The Nigerian Effect on Amapiano Music

Olusola Odeku
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Nigerian artistes are known for their ability to own any music sound they decide to jump on. From Jazz, Disco, Hip pop, R&B, Reggae, sounds from Ghana, South Africa down to the Caribbean. Joe Budden acknowledged Wizkid for popularising the Caribbean sound. So no one should be surprised with what Nigerian artistes are about to do with the genre ‘Amapiano’ – we’ll call it the “Nigerian Effect”.

Amapiano (nicknamed ‘The Yanos’) is a South African music genre which started gaining mainstream popularity in South Africa by late 2018. With the successes of Phoyisa which as at early 2019 was a South African national anthem and the album Amapiano Street cultureby Entity Musiq the music genre became a tastemakers favourite. The “Amapiano sound” itself is credited to the talented duo, MFR souls.

The moment an Amapiano themed song comes up one thing is certain – you bop your head or dance. It features strong baseline, piano/keyboard usage (hence the name), varying beat combinations which usually last anywhere between 1 and 2 minutes before any lyrics is heard.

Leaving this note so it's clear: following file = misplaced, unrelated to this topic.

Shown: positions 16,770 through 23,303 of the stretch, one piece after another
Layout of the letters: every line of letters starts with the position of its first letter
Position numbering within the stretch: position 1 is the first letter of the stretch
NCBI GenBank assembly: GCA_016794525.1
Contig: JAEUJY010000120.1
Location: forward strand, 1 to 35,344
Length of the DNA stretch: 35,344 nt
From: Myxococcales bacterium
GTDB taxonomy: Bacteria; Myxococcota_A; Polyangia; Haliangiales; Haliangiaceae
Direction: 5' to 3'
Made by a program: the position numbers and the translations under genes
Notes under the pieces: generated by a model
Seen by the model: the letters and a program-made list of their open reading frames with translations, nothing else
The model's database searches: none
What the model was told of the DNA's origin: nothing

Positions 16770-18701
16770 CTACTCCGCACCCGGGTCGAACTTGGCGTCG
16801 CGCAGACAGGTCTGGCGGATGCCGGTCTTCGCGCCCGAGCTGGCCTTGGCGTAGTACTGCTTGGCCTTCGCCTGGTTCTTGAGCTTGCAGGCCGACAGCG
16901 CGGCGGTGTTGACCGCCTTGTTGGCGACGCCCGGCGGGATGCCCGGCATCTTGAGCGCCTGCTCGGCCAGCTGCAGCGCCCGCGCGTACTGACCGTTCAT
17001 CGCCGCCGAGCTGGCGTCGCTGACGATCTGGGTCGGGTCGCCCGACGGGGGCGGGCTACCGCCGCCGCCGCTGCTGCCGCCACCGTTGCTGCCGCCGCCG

A typical amapiano track averages between 6 and 7 minutes which at this point in the Nigerian music scene would seem like a stretch. Any one who understands how music works in Nigeria knows the “Nigerian effect” is about to hit the amapiano genre.

The biggest Nigerian Amapiano statement came on 13th April, 2020. as we chanted –

“of Lay Lay Lay (Of Lagos)/Gbas Gbos (Of Lagos)”

Mayorkun’s smash hit is a startling reminder of Nigeria’s music mastery at its finest. He had teased the song on his snapchat and Triller for months before its release. It became an instant number 1 track.

In June of this year, South African artist, Kabza De Small dropped his album “I’m King of Amapiano” which comes after Master KG’s “Jerusalema (Remix)”. If you haven’t listened, Burna absolutely bodied the track. In Kabza De Small’s album, track 3, titled “Sponono”features Nigeria’s starboy, Wizkid and the self acclaimed “African Giant”, Burnaboy. It immediately became the biggest song off the album. Then few days back, Rema released a single, “Woman” which was under 4 minutes, an instant jam and very reminiscent of the amapiano sound.

With these songs, Amapiano has generated a lot of conversations across social media and that in sum, is the Nigerian effect.

If there is any time South Africans should push this sound even more, it should be now with the buzz around it. We should also be seeing a lot of amapiano music from Nigerian artistes before the end of the year.

Olusola Odeku

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